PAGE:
Samsung’s latest flagship device is meant to blow you away.

Too early?

Well, now that we’ve addressed the elephant in the room, we can get back to reviewing Samsung Galaxy Note 8, the Korean company’s second flagship for the year, and, arguably, its most important one.

While the Samsung Galaxy S8 and S8+ earlier this year marked the chaebol’s first major device since last year’s Galaxy Note 7 fiasco, the Galaxy Note 8 is the true sequel to a failed icon. This is why the company has packed its collective technological knowledge, including lessons learned, into the Note 8, not only in an effort to reclaim its birthright in the phablet category it has dominated in the last 7 years, but also to focus on the future and not dwell on its past.

Packed with Samsung’s own Exynos 8895 Octa-core processor, the Note 8 performs admirably, allowing me to switch between apps on the move, whether it’s viewing Netflix, to surfing the web or playing music.

As of right now, a Super AMOLED capacitive touchscreen with 16M colors is a given with any leading Samsung flagship and that’s not to say that it hasn’t been increasing screen resolution pixel density – it’s already so good, there’s no point in padding the 1440 x 2960 pixels or 521 ppi pixel density without being superfluous.

Both the rear and front sport the same curved body, wrapped by Corning Gorilla Glass 5. My advice, especially with a phone this big, is to get a protective case. You may not think you need it, but all it took is one nick to damage the glass shell on my Samsung Galaxy S8+.

Size wise, the dimensions of the Note 8 are 162.5 x 74.8 x 8.6 mm. Why does it matter to highlight that comparatively, the Galaxy Note 7 measured 153.5 x 73.9 x 7.9 mm? Because in that slightly bigger shell lies the significantly larger display on the Note 8 – a 6.3-inch display versus the 5.7-inch on the Note 7.

Now, some phones might tout an edge-to-edge display, but Samsung proves it can only be done its way masterfully. Aside from the slightly thin border on the left and right edge, and a slightly thicker one on the top and bottom, Note 8 users get to enjoy a massive display that has no true equal.

Web pages practically float on the smooth glass, as the edges curve downwards, and bleed into the tips of the fingers holding onto the device.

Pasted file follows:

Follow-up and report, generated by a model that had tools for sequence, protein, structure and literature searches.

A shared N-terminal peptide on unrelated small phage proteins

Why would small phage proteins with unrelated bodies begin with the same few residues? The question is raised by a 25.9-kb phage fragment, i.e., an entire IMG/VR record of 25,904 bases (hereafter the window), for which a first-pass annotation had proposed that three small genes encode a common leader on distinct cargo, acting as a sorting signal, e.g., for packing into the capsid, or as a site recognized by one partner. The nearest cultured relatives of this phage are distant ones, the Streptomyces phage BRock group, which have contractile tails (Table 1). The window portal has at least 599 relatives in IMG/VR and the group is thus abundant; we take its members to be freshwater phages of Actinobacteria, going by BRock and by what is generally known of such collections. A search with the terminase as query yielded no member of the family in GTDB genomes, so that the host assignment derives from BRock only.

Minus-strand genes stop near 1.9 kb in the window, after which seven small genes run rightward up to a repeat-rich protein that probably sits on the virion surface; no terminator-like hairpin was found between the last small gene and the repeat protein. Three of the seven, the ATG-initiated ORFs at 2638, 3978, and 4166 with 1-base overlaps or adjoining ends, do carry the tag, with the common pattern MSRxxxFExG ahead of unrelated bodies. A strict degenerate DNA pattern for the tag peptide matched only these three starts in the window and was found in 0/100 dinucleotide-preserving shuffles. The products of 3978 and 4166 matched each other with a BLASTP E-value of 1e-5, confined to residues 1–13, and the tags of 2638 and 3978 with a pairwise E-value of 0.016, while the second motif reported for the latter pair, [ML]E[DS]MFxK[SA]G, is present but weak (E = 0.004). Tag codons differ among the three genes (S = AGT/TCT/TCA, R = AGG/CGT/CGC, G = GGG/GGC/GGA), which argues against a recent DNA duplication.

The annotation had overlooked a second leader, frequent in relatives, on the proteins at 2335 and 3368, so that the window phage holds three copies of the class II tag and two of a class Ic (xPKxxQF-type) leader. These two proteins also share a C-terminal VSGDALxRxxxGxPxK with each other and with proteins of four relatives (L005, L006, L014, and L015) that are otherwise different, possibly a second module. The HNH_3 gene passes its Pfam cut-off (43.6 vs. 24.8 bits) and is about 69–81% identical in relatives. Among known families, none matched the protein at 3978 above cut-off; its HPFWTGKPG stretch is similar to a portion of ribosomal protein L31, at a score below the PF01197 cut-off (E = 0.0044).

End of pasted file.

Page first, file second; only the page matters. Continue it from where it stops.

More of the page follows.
Speaking of curves, Samsung has been offering curved screens since the Galaxy S6 and while it might seem perfunctory to highlight that the Note 8 sports yet another curved display, the company has actually crafted a deeper, steeper curve with each iteration, such that the ones on the Note 8 stand out as being totally in sync with one another.

Even on the S8+, the curves on the front display and rear glass were not as deep, projecting a sort of blend of two halves made into a whole. Here, the curve is more intense, such that when the front and rear meet, it offers a single solid grip for your fingertips to rest on. This smooth yet solid grip compensates for the lack of heft on a large phone, which is necessary to produce a good grip. Instead, the curve now subtly enhances the grip, providing a more natural fit for any palm.

Basically, you only think that the Note 8 is too large for your palm, but in reality, the curved body makes the larger body feel physically absent in your hands.

On paper though, it can be argued that the Note 8 reads like an incremental upgrade against the Note 7. The jump from a 12MP to a dual 12MP camera might not seem like much, since many companies are on the dual camera bandwagon, but the use of an OIS is notable. If you thought that the photo quality of the S8+ is well, noteworthy, here are the same shots taken with the Note 8.

Move the slider to see the difference. Photos on the left are taken with the S8+ while photos on the right are taken with the Note 8.

 

 

 

Notice the details in the shadows, from the branches of the trees in the background to the sharper, more defined colours of the vehicles and greenery. The difference is subtle until you bring the camera indoors. The low-light capabilities of the Note 8 over the S8+ is more pronounced and while the S8+ is good enough, the Note 8 is the device you want to have by your side.

The screen itself is impressive, but finally, Samsung has launched a phone with a partner who actually makes use of the phone. The Note 8 is HDR10 compliant, which means that it can display HDR content. It is not the first phone to do so, but one of the world’s biggest supplier of HDR content, Netflix, has not made its HDR content compatible with phones, until now.

On the Note 8, HDR Netflix titles, such as Daredevil, are denoted by an HDR icon. This means that the content displayed takes advantage of better screen technology, to highlight colours, shadows and details. I fired up Daredevil on the non HDR-ready S8+ and the show looked incredible. Colours popped up, and shadow aided the miscenscene of the series.